Mountains are beautiful. However, to fixate on their marvelous physicality is a huge disfavor. We rely on mountains in more ways than one. Yet slowly — and every way possible — we are turning these mountains to meaningless beauties, nothing more than glorified pieces of rock.
Filled with substance
Mountains are home to various natural resources. More than half of the world’s population rely on freshwater from mountains for their daily supply. There are diverse flora and fauna uniquely found in mountains.
Mountains are home to 15% of the world’s population. A multitude of indigenous people call mountains their home. Their intimate connection with the mountains created a biocultural heritage that is truly their own.
An orchestra of destruction
These actions drove plant and animal species to the brink of extinction. These made conditions for the mountain people worse, when to start with their living conditions are already quite bad.
This compelled the indigenous people to migrate from the mountains, abandoning agriculture, degrading the land, and losing their cultural traditions.
The abuses that we have committed on the mountains released large amounts of carbon dioxide. In 2006-2014, 104 million hectares of forests were wiped out, releasing 1.6 billion tons of carbon dioxide each year during that period.
The carbon dioxide released from the atmosphere accelerated climate change. This made extreme changes in weather conditions and thawed mountain glaciers which are among the chief sources of the world’s limited supply of freshwater.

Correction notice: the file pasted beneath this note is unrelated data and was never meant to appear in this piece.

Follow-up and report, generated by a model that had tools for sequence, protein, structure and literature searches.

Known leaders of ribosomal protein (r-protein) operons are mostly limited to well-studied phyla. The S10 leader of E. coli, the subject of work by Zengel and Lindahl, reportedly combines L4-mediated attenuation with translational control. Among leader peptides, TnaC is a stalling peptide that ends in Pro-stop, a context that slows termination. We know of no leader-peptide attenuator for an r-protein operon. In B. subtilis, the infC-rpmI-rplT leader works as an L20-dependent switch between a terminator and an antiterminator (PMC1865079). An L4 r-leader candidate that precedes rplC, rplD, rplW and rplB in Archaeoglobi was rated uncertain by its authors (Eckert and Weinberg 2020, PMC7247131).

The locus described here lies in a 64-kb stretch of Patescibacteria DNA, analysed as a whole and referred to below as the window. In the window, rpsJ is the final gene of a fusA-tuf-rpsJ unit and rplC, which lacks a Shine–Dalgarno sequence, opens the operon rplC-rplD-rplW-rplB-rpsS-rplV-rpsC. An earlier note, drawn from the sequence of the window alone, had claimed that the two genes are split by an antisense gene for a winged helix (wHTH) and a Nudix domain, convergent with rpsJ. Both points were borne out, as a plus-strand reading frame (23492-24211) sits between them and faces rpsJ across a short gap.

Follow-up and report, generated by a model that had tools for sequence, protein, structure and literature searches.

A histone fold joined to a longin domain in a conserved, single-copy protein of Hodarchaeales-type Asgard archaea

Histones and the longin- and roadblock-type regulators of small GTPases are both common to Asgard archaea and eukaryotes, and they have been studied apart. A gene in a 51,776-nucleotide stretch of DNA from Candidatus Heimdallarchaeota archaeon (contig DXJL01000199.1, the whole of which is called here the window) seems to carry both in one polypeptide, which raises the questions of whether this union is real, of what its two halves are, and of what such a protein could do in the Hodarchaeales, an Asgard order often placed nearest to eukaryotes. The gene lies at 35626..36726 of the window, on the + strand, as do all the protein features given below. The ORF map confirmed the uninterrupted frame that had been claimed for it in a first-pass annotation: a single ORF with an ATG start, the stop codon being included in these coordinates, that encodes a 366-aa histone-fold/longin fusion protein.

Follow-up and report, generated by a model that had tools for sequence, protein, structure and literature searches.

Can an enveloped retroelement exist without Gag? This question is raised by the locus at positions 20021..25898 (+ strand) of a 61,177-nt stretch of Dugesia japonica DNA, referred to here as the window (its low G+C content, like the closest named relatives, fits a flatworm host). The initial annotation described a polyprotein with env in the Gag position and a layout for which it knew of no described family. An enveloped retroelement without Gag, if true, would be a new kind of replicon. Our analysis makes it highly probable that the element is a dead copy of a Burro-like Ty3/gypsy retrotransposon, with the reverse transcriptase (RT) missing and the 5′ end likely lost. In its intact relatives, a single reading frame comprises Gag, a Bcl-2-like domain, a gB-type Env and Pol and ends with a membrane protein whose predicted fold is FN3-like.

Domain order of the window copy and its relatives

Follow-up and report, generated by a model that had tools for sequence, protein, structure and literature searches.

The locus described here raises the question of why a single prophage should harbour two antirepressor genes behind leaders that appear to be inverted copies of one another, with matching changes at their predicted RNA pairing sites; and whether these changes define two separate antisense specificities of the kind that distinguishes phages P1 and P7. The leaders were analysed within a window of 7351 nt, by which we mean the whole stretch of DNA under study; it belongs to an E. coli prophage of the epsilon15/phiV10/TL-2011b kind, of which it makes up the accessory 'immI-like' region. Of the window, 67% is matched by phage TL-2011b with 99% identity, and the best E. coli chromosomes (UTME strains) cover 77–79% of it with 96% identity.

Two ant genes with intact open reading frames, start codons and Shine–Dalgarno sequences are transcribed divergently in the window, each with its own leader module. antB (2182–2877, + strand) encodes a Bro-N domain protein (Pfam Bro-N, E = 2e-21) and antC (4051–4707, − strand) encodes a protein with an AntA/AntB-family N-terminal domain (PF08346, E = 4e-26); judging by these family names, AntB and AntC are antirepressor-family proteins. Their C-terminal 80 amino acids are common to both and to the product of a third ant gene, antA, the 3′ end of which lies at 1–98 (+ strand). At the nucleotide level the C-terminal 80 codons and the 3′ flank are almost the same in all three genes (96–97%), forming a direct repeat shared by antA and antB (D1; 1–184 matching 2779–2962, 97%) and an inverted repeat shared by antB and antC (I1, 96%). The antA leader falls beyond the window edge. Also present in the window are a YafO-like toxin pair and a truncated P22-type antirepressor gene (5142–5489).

We have drained out mountains in every manner we possibly could. It’s almost as if we’re going out of our way to reduce mountains to mere heaps of rock as quickly as we could.
Visible yet invisible
December 11 marks the International Mountain Day. Mountains are extremely large yet the attention that we have given to them is downright miniscule. For something so visible, we treat it as if it doesn’t exist.
2019’s celebration theme is “Mountains Matter for Youth.” The youth is always at the forefront of radical change. Yet the mountains call for the help of everyone.
Intensified efforts in land protection and preservation will pave the way towards the recovery of mountains. By regaining our forests, we are also setting up a natural means to deplete the carbon emissions present in our atmosphere. Education, market access, employment opportunities, and accessible public services, on the other hand, will empower the young people in the mountains and shape them to be the protectors of their homes.
The awareness of the importance of the mountains greatly contributes to the increased action for the protection of our mountains. The mountains may be mind-blowingly high, yet our understanding of it is skin-deep. Today is the day we can stop turning a blind eye on the problems deeply entrenched in our mountains.